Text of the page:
A Draw in Michigan Won’t Solve Romney’s Problems

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In baseball, a tie goes to the runner. But in presidential primaries, a tie goes against the front runner.

In a matter of hours, America will discover if Mitt Romney can pull out a squeaker in his native state of Michigan. As of this morning, Nate Silver, the whiz-kid of poll-based projections, pegs the state too close to call, with a 55% chance to win and a projected victory margin of just .7%. That suggests that the most likely outcome is one we have long become accustomed to: A near tie. Romney could win by a point or lose by a point. He could split the popular vote, and come out ahead in the delegate count. He could win the popular vote, and split the delegate count. This in American politics in the 21st Century. Decisive victories are elusive.

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Romney will be far better off with a victory than a defeat, but he still may not find much solace in a close victory. At this point in the contest, victory, after all, is not all that matters. He needs to regain the momentum he lost after New Hampshire and Florida. Here are three trends that are likely to continue if Romney just barely holds on in Michigan.

Romney Will Remain Off-Message. Remember Iowa, when Romney had a message squarely focused on the general election: Obama had messed everything up, and Romney knew how to fix it. Those were the days. Today, Romney’s message is more often a defensive one, pointed inwardly at his own party. “I’m a solid conservative — a committed conservative with the kind of principles I think America needs,” he said on Fox News Sunday this week. This is a message that pulls him away from the general election. It has been compounded by other tactical moves that Romney has been making since Iowa. He has tacked right on immigration, which will make winning the west more difficult in a general election, and he has come out hard against big labor, which will make winning independents in the midwest more difficult. Returning to the South for close contests on Super Tuesday will only exacerbate these problems.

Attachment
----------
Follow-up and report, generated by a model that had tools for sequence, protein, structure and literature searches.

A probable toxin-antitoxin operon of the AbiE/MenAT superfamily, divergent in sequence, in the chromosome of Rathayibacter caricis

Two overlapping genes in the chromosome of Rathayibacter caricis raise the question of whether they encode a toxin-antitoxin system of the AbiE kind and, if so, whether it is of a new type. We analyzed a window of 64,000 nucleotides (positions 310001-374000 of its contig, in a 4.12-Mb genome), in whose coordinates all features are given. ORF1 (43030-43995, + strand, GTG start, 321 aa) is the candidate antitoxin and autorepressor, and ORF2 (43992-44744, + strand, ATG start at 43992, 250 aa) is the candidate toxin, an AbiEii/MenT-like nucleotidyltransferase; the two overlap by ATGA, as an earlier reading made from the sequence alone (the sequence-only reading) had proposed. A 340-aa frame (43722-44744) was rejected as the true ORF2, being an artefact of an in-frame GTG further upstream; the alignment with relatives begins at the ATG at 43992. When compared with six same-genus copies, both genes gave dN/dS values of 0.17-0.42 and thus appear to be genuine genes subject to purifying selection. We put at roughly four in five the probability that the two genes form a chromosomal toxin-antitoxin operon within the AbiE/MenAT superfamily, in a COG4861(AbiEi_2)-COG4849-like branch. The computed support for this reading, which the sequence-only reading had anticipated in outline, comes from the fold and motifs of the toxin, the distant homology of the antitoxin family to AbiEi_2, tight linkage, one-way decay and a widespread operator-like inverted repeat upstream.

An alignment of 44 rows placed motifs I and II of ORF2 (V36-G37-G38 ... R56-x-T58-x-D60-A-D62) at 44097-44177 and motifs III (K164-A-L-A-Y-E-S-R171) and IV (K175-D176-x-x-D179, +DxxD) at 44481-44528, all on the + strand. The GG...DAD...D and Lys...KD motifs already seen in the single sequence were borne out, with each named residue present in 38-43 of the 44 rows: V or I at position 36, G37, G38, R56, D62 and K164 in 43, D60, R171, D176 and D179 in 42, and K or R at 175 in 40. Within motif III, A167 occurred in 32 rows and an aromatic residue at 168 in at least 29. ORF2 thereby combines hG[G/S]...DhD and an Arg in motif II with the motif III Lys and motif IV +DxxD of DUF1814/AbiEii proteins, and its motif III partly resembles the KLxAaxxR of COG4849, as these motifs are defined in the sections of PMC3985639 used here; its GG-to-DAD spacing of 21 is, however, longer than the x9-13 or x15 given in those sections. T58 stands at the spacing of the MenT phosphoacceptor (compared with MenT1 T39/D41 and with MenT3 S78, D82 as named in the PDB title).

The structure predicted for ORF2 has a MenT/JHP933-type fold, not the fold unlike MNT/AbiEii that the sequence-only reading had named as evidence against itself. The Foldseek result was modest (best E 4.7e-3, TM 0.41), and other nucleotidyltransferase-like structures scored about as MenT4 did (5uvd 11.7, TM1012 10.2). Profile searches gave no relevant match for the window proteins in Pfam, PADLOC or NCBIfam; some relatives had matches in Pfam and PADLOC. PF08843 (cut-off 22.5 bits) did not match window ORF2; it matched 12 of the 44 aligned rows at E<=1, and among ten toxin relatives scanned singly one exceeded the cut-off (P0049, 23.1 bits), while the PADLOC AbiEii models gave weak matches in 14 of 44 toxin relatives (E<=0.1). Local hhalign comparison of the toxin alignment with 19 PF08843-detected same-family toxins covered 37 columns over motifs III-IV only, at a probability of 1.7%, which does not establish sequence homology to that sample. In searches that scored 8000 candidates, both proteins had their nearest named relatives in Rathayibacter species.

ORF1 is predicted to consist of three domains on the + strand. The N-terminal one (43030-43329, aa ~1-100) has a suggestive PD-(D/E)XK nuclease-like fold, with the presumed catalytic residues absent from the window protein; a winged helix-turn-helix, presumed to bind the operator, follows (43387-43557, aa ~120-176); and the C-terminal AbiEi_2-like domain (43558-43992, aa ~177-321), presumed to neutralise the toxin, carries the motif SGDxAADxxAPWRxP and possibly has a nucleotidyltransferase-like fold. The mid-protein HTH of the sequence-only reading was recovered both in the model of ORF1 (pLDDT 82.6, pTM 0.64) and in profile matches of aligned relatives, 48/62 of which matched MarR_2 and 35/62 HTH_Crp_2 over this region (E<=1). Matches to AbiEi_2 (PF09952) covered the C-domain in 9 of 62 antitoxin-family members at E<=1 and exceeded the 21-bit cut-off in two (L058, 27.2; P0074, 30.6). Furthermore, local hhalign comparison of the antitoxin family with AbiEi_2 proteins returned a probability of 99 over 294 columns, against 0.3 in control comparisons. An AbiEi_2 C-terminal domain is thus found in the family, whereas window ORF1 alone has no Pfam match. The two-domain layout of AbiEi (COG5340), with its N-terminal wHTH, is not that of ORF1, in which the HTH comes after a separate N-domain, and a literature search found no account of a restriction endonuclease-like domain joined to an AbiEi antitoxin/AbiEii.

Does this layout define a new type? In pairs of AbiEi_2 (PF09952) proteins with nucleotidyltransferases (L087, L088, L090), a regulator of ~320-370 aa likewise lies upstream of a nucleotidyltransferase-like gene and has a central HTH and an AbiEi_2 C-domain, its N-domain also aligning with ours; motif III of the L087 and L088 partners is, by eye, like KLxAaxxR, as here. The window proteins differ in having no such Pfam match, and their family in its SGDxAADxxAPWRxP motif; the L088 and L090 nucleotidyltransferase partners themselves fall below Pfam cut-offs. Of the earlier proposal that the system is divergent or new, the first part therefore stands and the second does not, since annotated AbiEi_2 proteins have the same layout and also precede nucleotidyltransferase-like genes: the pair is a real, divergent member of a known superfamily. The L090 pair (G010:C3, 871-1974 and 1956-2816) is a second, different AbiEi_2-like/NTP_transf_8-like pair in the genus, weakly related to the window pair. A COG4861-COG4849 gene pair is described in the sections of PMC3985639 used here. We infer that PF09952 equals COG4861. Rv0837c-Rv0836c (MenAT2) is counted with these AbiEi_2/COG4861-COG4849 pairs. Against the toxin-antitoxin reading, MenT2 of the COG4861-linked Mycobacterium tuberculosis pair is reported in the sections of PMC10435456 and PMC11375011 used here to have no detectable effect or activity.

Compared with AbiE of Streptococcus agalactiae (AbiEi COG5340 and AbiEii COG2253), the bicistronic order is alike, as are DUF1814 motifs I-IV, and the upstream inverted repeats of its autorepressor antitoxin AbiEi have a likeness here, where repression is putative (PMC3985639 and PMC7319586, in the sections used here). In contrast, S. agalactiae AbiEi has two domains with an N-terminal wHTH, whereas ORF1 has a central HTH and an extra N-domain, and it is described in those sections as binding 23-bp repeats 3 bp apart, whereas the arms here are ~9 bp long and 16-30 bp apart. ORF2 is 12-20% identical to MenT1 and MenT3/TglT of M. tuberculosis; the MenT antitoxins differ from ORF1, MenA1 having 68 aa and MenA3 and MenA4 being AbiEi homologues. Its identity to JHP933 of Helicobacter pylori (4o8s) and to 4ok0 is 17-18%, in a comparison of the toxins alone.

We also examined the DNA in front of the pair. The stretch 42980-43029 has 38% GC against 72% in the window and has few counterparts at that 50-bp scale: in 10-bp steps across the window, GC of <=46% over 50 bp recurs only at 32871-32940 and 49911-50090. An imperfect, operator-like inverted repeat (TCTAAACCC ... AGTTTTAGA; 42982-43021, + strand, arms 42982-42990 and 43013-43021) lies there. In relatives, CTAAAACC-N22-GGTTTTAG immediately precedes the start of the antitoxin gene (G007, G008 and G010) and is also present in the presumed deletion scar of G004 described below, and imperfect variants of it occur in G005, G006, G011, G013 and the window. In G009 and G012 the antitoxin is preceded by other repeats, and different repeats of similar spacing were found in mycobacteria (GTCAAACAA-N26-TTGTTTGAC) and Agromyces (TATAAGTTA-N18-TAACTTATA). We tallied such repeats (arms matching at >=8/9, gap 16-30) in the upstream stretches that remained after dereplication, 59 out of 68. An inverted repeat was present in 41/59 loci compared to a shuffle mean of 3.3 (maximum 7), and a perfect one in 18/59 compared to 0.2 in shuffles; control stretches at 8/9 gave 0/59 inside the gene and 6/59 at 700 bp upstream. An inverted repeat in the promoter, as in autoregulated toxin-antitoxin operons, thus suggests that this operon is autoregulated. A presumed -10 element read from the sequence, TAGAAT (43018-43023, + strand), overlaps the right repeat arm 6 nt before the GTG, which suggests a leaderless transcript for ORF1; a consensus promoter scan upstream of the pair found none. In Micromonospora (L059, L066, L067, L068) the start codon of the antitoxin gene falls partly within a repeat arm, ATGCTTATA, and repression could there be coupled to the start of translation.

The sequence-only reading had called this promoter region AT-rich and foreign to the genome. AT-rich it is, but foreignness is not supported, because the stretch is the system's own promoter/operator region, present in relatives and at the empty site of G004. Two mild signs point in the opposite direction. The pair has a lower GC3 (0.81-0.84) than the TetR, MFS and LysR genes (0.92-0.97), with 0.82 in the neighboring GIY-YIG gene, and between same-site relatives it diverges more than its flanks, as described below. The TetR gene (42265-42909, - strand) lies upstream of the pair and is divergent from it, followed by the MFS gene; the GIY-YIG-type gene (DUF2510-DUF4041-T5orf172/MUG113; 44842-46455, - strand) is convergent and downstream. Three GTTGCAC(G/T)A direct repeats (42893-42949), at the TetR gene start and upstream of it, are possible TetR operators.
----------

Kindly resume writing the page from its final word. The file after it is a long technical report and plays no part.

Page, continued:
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Romney Will Struggle To Raise More Money. Through the end of last year, Romney has raised about 10% of his money in contributions of $200 or less. By contrast, Newt Gingrich, Rick Santorum, Ron Paul and Barack Obama have brought in about half their money in small checks, a clear sign that they can motivate people to reach for their checkbooks. Though Romney’s total fundraising is respectable, he has a growing problem if the primary drags on without a clear shift in momentum. According to the Campaign Finance Institute, two thirds of Romney money in 2011 came from donors who have already maxed out on the $2,500 limit. They can’t give again. Meanwhile, Romney’s rivals will continue to be able to farm small-dollar supporters.

Romney Will Struggle To Win New Friends. The good news from the new ABC-Washington Post poll released today is that Romney’s net favorability rating is unchanged from September of 2011–33%. The bad news is that his unfavorability rating is climbing as more Americans get to know him. While 31% of the country had a somewhat or strongly unfavorable view of Romney in September, 46% hold that view today. The shift has been recorded in all groups, among Democrats, Republicans and independents. While conservative Republicans can be expected to regroup with Romney, if he wins the nomination, the losses among moderates and independents may be harder to recover from. It’s one thing to be introduced as a winner. It’s another to be introduced as a guy who can’t quite win definitively. And first impressions can linger.

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All this could be solved if Romney surprises the pundits and pollsters, quiets the dissenters and reestablishes his dominance in the race. What he needs is for that party to rally around him, send new money to his campaign, allow him to pivot back to attacking Obama and give him a chance to reintroduce himself to the swing voters who will decide the next election. The last polls close in Michigan at 9 p.m. EST. Stay tuned.